ABEDI will contact your insurance company and can often get an authorization if we are in-network. You will also need to obtain a prescription for ABA from your child’s doctor to show medical necessity for the service. If we need additional information we can work with you to obtain it and follow up with insurance. You can also contact your insurance plan directly and ask what is covered in terms of ABA services. You can inquire which agencies they have in-network. Your insurance company may also ask for the original documentation showing your child’s diagnosis, especially if they do not already have this on file.
How do we get a prescription for ABA?
Call your doctor (usually a pediatrician or neurologist) and tell them you are pursuing insurance coverage for your child’s ABA and it requires a prescription. All that is needed is a note from the physician saying, “[Child’s Name] needs ABA therapy.” It does not need to state the number of hours or any other details. It is helpful if it shows your child’s diagnosis on 5 axes (your physician will know what this means). The prescription must be written by the doctor – prescriptions by a nurse or social worker are typically insufficient.
What happens if my insurance authorizes fewer hours than we had through the regional center?
Each plan will likely have its own policies and standards for what they will or will not authorize. In the event your insurance authorizes a service level that does not match what you have been receiving through the regional center, be diligent about documenting their reasons for authorizing a different level of service. You may need to contact your service coordinator at the regional center to request funding for the additional hours.
How do I make sure we keep our current provider?
While there is no way to lock in your current provider, the more proactive you are in working with your provider, the better. If you are an ABEDI client, let us know which insurance company you are with and what plan you have. Once we have determined that your insurance plan covers ABA, and that we are in-network with that plan, you can request to continue receiving services from your current provider. The insurance company may refer you to a different agency or provide you with a list of agencies that does not include your current provider; however, if you know your provider is in-network you should reiterate your preference and inquire about the process for remaining with your current provider.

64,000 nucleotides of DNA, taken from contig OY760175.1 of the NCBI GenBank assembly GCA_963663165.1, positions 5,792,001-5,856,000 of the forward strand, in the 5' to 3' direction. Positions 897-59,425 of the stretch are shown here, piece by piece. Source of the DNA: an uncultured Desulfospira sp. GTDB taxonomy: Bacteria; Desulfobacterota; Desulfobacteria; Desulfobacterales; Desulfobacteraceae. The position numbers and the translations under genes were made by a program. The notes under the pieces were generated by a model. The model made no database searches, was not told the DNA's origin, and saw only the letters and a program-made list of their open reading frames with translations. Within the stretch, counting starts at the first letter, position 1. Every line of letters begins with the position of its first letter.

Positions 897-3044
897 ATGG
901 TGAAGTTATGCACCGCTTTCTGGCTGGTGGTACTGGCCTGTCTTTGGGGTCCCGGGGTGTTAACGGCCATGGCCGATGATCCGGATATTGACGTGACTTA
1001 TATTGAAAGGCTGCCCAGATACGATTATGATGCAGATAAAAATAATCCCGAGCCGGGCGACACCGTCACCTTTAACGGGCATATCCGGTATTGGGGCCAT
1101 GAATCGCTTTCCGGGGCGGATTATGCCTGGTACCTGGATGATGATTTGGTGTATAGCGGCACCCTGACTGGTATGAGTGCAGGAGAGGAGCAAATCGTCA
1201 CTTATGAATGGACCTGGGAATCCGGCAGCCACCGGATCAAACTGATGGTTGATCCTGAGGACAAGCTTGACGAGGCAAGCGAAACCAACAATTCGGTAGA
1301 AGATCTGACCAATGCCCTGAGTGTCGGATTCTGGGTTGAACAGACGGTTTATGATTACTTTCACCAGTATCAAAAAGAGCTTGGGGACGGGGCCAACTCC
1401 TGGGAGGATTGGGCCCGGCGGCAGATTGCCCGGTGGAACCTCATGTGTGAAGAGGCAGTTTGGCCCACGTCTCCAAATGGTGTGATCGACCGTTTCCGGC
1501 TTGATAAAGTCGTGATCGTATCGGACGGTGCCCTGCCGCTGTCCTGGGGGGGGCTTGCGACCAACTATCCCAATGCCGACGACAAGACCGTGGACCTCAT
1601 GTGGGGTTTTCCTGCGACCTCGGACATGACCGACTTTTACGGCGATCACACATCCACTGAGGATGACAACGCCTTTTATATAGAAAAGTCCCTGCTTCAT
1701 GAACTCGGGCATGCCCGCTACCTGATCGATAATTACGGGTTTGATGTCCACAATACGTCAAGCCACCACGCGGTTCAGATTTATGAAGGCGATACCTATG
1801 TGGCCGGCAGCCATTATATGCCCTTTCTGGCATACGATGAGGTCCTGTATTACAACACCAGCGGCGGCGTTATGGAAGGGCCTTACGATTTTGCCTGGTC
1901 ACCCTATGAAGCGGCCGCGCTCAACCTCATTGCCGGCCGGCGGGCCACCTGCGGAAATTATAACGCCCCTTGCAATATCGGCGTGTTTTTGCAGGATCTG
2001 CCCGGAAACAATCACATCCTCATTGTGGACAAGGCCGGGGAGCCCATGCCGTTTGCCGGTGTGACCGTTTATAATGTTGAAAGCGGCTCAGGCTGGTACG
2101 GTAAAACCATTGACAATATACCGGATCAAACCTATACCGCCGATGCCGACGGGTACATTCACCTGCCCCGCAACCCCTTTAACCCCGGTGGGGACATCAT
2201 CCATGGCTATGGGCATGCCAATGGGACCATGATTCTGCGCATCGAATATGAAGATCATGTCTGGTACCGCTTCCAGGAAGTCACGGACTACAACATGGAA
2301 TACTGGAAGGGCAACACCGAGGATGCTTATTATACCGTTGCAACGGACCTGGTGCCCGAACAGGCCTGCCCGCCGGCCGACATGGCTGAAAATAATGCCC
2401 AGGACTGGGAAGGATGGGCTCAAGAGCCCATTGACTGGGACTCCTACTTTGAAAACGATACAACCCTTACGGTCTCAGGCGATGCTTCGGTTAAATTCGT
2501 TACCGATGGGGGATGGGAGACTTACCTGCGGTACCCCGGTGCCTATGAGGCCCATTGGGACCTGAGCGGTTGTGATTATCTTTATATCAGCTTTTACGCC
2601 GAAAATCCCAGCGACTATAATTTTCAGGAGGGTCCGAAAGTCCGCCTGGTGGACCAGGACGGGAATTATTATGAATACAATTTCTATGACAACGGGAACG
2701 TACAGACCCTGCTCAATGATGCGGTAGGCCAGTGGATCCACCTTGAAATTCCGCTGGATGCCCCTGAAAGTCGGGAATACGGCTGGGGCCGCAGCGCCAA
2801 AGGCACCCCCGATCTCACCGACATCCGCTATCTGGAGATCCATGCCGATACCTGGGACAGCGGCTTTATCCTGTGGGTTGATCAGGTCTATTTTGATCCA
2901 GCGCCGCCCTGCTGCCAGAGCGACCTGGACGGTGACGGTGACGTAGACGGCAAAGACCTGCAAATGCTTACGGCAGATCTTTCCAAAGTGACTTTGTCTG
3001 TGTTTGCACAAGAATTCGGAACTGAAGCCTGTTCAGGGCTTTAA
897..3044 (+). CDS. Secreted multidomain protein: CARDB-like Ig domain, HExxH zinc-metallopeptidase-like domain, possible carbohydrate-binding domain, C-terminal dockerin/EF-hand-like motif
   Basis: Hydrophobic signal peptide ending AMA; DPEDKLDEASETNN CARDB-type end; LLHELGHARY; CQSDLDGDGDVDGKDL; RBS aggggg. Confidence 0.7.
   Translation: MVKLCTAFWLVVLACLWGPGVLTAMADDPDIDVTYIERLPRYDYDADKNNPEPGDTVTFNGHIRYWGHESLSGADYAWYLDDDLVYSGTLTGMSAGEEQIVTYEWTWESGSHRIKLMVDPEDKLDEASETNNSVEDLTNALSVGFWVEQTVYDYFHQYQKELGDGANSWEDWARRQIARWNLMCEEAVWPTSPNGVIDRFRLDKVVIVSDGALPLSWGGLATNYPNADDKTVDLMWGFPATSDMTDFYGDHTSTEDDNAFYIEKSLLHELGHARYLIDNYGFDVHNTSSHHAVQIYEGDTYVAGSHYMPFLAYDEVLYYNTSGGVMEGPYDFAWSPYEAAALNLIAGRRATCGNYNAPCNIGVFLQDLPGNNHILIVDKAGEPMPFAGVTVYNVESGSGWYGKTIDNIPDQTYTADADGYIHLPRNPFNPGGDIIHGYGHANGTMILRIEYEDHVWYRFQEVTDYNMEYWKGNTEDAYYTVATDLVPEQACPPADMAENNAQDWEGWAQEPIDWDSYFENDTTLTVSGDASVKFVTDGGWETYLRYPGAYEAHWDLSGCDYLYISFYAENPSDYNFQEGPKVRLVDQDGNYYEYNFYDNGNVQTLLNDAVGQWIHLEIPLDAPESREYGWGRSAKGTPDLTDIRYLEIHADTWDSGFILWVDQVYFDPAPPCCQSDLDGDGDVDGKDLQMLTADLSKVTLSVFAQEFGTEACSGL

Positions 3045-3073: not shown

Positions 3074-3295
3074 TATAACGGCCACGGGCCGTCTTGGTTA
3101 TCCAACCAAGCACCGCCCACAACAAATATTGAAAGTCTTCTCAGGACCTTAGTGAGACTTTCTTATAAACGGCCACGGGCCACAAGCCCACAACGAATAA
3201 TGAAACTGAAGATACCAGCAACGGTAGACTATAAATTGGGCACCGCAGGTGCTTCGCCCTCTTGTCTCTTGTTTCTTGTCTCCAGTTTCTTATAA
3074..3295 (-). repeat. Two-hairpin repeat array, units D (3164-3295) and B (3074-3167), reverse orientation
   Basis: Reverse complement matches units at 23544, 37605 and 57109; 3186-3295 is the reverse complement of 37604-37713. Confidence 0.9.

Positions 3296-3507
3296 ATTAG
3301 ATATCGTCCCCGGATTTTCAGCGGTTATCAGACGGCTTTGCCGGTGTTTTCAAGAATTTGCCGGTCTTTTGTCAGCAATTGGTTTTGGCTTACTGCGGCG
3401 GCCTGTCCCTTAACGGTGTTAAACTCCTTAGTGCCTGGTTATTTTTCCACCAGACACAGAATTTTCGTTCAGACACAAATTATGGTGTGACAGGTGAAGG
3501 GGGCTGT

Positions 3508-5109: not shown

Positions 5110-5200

If your current provider is not in-network, you can ask for a “letter of agreement” between your insurance and the provider.
Will we keep the same team?
It depends. Each insurance company requires services to be provided by “qualified autism service providers” and outlines what the requirements are for each type of service. Requirements vary slightly from insurance company to insurance company and some companies require that staff complete a lengthy credentialing process before being able to provide services through insurance.
Any other tips regarding insurance?
- Always document conversations with insurance representatives. Note the date, time, and name of the person whom you speak to. Sometimes representatives will not provide their last name but instead will provide an employee or A-number. Get a reference number if applicable.
- Don’t get discouraged if the first few people you speak with do not seem to know what you are asking about. This is a new area for insurance companies too. Be persistent, and you can always ask to speak with someone else who is knowledgeable about coverage for ABA. It may help to inform the representative of your child’s ASD diagnosis – this seems to help representatives remember what ABA is all about.
- Expect some glitches in the system. These are confusing times for families, insurance companies, regional centers, and insurance providers. By working together we can get through the challenges ahead, and ensure your child continues to receive the support he or she needs.